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Valentine's Day 2013: Good News For Retail Florists

April 02, 2013 at 5:07 PM

The latest issue of Floral Management magazine features some great news for real florists. On pages 34 and 35, in an article entitled "Love Rebounds for Retail Florists", author Ira Silvergleit compiles and presents the results of the SAF's latest consumer poll and it is very positive.



Category: Industry News

The good news is that more customers are choosing traditional florists. Thirty-eight percent of American adults purchased flower or plant gifts from a retail florist, compared to 28 percent in 2012.

Ira Silvergleit, Floral Management April 2013

This is up 10% from the 28% statistic reported last year and represents an increase of 36%. It's a big jump and is also a full 7% over 2007, the next highest year included in the survey (which covers 2007-2013). It also gave real retail florists a solid lock on second place - selling more flowers and plants than any other outlet except for supermarket/grocery.

But the good news doesn't end there.

The median (middle) amount spent on flowers and plants jumped from $27.40 in 2012 to $35 this year.

Ira Silvergleit, Floral Management April 2013

It's not just more people, it's more people spending more money. And, again, the increase is significant - we're talking about a jump of almost 28%. Put it all together and we're talking about 36% more customers shopping with real local florists, each spending 28% more than they did last year.

Seven out of ten florists reported sales gains from a year ago compared to 10 percent reporting declines and 18 reporting flat sales.

Ira Silvergleit, Floral Management April 2013

This is good by any standard but even better when you consider that 84% of shops reported increases in 2011 and 79% reported further increases in 2012 - that means most stores are reporting improvements even on those compound gains.

Sales through the largest channel - grocery stores/supermarkets - were lower than last year and it can be assumed that many of those customers must have "moved up" to real florists. This seems like a good thing - as people started to feel okay about spending more money on flowers they chose to spend that money with real florists. Hopefully that means they appreciate the better quality and service real florists provide.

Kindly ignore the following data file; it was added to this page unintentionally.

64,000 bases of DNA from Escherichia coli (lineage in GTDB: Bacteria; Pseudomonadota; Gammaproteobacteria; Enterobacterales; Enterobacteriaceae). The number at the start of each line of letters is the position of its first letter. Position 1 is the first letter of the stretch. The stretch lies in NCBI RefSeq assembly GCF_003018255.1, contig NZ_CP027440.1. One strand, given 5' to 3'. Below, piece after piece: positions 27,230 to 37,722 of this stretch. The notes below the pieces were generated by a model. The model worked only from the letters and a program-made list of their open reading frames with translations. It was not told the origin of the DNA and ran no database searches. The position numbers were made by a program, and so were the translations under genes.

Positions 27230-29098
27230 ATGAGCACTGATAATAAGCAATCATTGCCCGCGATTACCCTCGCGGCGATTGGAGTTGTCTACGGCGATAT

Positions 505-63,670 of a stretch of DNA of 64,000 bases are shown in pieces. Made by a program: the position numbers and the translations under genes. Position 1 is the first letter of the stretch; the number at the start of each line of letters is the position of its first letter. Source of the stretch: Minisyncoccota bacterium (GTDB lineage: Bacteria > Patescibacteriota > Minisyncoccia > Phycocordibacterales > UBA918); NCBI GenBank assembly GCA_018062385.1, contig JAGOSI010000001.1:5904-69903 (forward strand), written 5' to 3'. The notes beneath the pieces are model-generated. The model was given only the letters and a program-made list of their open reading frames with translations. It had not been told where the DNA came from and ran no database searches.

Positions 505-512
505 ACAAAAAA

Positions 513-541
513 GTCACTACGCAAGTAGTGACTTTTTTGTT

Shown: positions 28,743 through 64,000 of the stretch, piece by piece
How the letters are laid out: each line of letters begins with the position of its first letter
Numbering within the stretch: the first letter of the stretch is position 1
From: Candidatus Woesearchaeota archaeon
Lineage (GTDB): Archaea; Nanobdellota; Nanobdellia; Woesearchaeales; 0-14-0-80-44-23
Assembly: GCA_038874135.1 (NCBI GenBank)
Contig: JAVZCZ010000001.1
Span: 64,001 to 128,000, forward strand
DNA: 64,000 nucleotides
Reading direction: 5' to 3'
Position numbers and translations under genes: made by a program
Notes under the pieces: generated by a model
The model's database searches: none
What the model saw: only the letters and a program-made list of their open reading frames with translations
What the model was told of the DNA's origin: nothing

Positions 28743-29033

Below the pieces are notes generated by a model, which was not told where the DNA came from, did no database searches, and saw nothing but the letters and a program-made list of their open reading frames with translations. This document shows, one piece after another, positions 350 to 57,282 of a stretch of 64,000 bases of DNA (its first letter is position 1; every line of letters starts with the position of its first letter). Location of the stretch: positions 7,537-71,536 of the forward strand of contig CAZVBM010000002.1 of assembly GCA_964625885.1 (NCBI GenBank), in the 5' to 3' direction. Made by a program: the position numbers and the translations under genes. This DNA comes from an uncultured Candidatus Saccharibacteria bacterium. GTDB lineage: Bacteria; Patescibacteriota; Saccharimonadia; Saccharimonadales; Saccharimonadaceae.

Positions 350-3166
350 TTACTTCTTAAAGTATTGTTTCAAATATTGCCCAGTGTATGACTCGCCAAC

As for the other channels... mass merchandisers and street vendors were almost flat. National internet floral services and national toll-free floral services (counted as two different channels in this survey, but most florists would lump them together under the "order-gatherer" label) were up slightly - about 2% each. But, even if you total their share you still get growth of only 4% and a combined market share of about 18% - far less than the growth or market share enjoyed by brick & mortar florists this year. It seems like the good guys made most of the gains this year.

Sadly next year probably won't be quite as good. In 2014 Valentine's Day falls on the Friday of a holiday weekend and this usually hurts flower sales - many believe that customers choose to spend their Valentine's Day budgets on a date instead of flowers. It's unfortunate but great to see a positive trend overall and, if it continues, should help offset the Friday/Saturday/Sunday decline florists will see over the coming years.

If you are an SAF member and/or receive Floral Management please be sure to check out the article. If not we hope you will think about joining SAF and/or subscribing to their magazine - an excellent source of valuable information like this.

 

And now, for those who are interested, some charts...

The chart above shows where American adults bought their Valentine's Day gifts in 2013 using the categories in the SAF poll. As you can see traditional retail florists have a solid lock on second place, coming after only the Grocery Stores and Supermarkets category.

In this chart we combine the "National Internet Floral Service" and "National Toll-Free Floral Service" categories into one "National Order-Gatherer" category (the way most florists view this type of vendor). Florists still hold firmly on to second place.

Here we see sales by category for the past seven years. Florists don't have the biggest piece of the market but it's the fastest growing - hopefully a sign of more good things to come.

By the way - the line chart above (and the bar chart below) are interactive. You can click on the names in the legend to hide/show a category and isolate the data that interests you.

Here is the same data in a slightly different format. Again it shows the good guys - real local florists - making the greatest gains.